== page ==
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I currently use a regular 50 foot power cord rated for 15 amps. I use it only for two laptops and one camera, making a draw of about 5 amps at 120 volts, according to the "input" label on the power supplies.

The 50 foot cord is heavy and I would like to find a lighter replacement. I have seen cords rated for 13 amps that are a bit lighter, but I think I can do better.

If I buy some wire and attach standard power plugs that you can buy at the hardware store, what is the smallest gauge I can safely use, assuming I never try to draw higher than the gear listed above? Would this also be safe for 100 foot power runs, if I connect two 50 foot cords together?

To be clear, I'm in the usa and power would always come from standard plugs.

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  • What is the actual wire size of the "15A" cord? – Harper Oct 13 '18 at 17:40
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    what environment do you intend to use this in? Indoor and outdoor? Are you doing this temporary and thus the cord stays in plain eyesight? Will it receive traffic from feet, animals, etc? – noybman Oct 13 '18 at 17:48
  • @noybman Conference audio/visual, so always indoors, sometimes heavy traffic, but always taped down. – fredsbend Oct 13 '18 at 20:03
  • @Harper I want to say 14 gauge. – fredsbend Oct 13 '18 at 20:04
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    Sorry to annoy you... I am referring to NEC 110.3(b), which says you are required to follow the labeling and instructions (typ.) when applying the product. You said in a comment that safety is your first priority, Code requirements run very close to safety requirements. Don't take my word for it, ask your town's fire marshal. – Harper Oct 13 '18 at 22:08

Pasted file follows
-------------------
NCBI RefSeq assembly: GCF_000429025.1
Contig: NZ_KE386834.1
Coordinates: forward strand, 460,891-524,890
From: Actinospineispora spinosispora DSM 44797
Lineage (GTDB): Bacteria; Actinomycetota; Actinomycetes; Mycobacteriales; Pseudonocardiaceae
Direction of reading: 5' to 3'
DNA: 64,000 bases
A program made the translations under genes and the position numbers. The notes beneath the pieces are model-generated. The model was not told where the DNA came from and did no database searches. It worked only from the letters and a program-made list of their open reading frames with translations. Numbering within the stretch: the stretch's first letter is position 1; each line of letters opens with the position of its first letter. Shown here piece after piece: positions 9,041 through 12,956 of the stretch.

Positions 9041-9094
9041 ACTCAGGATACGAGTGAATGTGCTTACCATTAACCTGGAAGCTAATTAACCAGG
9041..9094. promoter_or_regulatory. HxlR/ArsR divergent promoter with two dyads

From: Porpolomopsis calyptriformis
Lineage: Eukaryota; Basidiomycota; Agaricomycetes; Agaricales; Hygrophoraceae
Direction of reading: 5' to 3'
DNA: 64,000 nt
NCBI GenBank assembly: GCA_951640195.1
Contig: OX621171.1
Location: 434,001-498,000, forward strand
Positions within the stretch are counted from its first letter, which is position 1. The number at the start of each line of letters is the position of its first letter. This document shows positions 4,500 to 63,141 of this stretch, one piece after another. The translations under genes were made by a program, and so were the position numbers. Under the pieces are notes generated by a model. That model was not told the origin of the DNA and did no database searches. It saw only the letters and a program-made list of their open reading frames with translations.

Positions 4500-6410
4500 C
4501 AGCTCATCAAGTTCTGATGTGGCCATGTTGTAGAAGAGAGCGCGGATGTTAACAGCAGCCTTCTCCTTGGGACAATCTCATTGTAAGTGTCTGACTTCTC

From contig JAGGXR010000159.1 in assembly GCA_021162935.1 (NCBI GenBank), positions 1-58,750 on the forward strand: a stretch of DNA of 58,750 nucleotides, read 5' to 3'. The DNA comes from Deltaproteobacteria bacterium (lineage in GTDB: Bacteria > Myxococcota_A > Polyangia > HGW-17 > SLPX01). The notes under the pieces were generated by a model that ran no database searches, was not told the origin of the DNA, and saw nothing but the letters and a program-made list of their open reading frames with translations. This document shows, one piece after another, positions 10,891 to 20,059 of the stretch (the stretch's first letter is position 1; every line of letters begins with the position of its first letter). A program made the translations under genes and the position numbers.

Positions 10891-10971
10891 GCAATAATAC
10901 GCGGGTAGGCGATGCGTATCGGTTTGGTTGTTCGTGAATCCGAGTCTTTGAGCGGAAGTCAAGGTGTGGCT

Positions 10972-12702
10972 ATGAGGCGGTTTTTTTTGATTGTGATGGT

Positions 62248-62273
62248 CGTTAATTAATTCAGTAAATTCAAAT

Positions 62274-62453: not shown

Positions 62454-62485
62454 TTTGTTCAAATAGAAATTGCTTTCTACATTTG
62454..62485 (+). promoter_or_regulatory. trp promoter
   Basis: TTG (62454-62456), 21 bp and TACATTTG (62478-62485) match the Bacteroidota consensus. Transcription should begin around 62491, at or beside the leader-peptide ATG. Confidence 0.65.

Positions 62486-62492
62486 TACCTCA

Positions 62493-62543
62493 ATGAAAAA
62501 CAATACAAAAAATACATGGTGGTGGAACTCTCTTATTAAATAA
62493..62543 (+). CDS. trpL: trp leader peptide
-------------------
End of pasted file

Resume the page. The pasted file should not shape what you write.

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I would never use zip cord for a long extension cord if you care about safety. SJOW cord would be the lightest safest option with 18-3 for a 50' run but would move to a larger wire gauge for anything longer. Connecting cords is not a good idea especially outside I have seen many cords that the molded connectors have melted down that were used within there rating. When you are looking at cords. The letters SJ is junior hard service cord (just an S is hard service heavier covering). O is oil resistance, W is wet, damp and sunlight resistant. SJOW is the more common so cheaper, or possibly SJOOW both inner and outer insulation is oil resistant.

  • Yeah -- SPT (zip cord) isn't known for ruggedness -- SJx cordage is going to hold up much better over time. – ThreePhaseEel Oct 13 '18 at 18:15
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Regardless, you must use one of the cable types which is specifically designated as cordage for mains power. You may also find better prices at electrical supply houses rather than big-box stores, online prices will be terrible owing to the cost of shipping.

Common mistakes are to take speaker wire or Romex and slap plugs on the end. Romex is listed for use as wiring inside the walls only, as permanent wiring of a structure. Cordage is special stuff, with special insulation optimized for wear resistance, and highly stranded wires meant to flex often.